Cliffs of Love

At first light, at high tide, I walked north down a semi-secret beach trying to empty my mind.

It was no use, the emptying that is.

I looked west to the limitless ocean and east to the sandy cliffs that hemmed me in. Even at some distance I could see carvings into the sandy face of the cliffs.

These weren’t carvings by an ancient people suggesting the spiritual or supernatural. They were messages of lust and love, inspired by the ocean and the plasma of all mammalian things alive, scratched into a blank canvas of sand and dirt, messages declaring ideas and sentiments for all the world to see, at least the few people who walked by these cliffs and bothered to pay attention.

A person like me.

I went over to inspect them because I like to think of myself as the Oregon Coast’s premier anthropologist of such cliff carvings. I’ve studied them for 20 years, from Hammond to Brookings, and I never grow tired of reading and thinking about them. They make me smile and wonder. They enlarge my heart and capacity for love. They make me want to edit. They make me want to write my own equation for love.

I have never carved an equation or name into the face of a cliff. Quite obviously, that I haven’t is the result of something severely lacking in my life and it’s all been my fault. Perhaps now, I am ready to carve. Doesn’t everyone want to carve?

The cliffs at this semi-secret beach were covered with letters, words and symbols, the most I have ever seen in one place. There were even complete sentences. You must really love someone if you carve a complete sentence of love into a cliff—and punctuate it—or so the former English teacher in me thinks.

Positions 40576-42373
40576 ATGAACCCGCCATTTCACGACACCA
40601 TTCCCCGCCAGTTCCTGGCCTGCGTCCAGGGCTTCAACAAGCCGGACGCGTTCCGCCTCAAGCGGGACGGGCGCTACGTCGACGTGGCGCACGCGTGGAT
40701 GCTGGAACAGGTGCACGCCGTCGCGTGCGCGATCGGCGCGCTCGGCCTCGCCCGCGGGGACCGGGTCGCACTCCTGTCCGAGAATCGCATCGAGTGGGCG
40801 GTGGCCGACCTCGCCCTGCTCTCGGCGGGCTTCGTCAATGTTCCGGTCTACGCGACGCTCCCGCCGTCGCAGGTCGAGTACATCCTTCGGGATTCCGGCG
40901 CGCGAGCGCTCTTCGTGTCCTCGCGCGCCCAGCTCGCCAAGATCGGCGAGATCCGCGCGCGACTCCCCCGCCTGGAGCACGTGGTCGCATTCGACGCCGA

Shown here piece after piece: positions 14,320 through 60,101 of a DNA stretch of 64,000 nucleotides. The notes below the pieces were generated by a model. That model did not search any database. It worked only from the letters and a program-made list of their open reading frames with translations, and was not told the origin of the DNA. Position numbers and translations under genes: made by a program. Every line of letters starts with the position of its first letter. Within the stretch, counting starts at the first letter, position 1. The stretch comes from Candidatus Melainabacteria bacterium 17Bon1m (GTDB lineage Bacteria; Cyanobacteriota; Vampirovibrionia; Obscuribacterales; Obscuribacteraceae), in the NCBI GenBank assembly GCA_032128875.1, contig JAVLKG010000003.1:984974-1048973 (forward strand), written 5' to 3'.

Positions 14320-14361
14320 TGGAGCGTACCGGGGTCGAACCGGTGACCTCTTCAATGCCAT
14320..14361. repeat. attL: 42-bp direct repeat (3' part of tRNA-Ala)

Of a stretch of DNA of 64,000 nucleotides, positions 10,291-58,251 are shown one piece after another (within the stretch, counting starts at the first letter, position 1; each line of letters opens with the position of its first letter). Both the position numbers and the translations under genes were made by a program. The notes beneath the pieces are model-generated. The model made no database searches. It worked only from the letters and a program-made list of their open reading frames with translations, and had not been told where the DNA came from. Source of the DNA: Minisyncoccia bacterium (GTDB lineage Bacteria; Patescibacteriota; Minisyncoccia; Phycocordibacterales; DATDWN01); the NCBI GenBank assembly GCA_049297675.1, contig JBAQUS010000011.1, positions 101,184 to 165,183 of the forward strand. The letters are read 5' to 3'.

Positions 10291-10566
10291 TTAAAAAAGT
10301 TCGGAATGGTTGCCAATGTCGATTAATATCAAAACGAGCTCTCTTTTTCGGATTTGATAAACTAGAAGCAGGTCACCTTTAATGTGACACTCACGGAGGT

I scaled a dune to the base of the cliffs, read the writing here and there, and then looked up: some were 50 feet above me, straight up, no footholds, no visible way of getting up there. Except to crawl and hang on.

Commitment. Carefree. Precarious. Dangerous. Dumb. Bravado. Wild. Rock and Roll.

Why do it? Why not, if you feel it.

I thought about the carvings. Questions/observations came to mind:

Are most of the equations and names carved by one person or in tandem?

What percentage of equations are gay and lesbian?

Why was the name “Matt” the highest carving on this cliff?

Why, with a couple of exceptions, were male names all the highest carvings? Think about that. You could write a book answering that question. Maybe I will.

If it’s only one person, is the other member of the couple present, watching down below?

In recent years, I’ve notices names in Spanish. America is changing. Good. More of that change. A faster pace, too.

What’s the average age of the carver?

Are the carvers more tourists or locals?

I’ve never seen a menage a trois equation.

How long do these carvings near the ocean last? They certainly aren’t as enduring as carving initials into fresh pavement or a tree.

I scaled back down the dune and faced the ocean. Then I turned around and scampered up the dune. I found a perfect driftwood chisel pen along the way. I was going to carve my first equation. I did. It was easy. It should have been written years ago.

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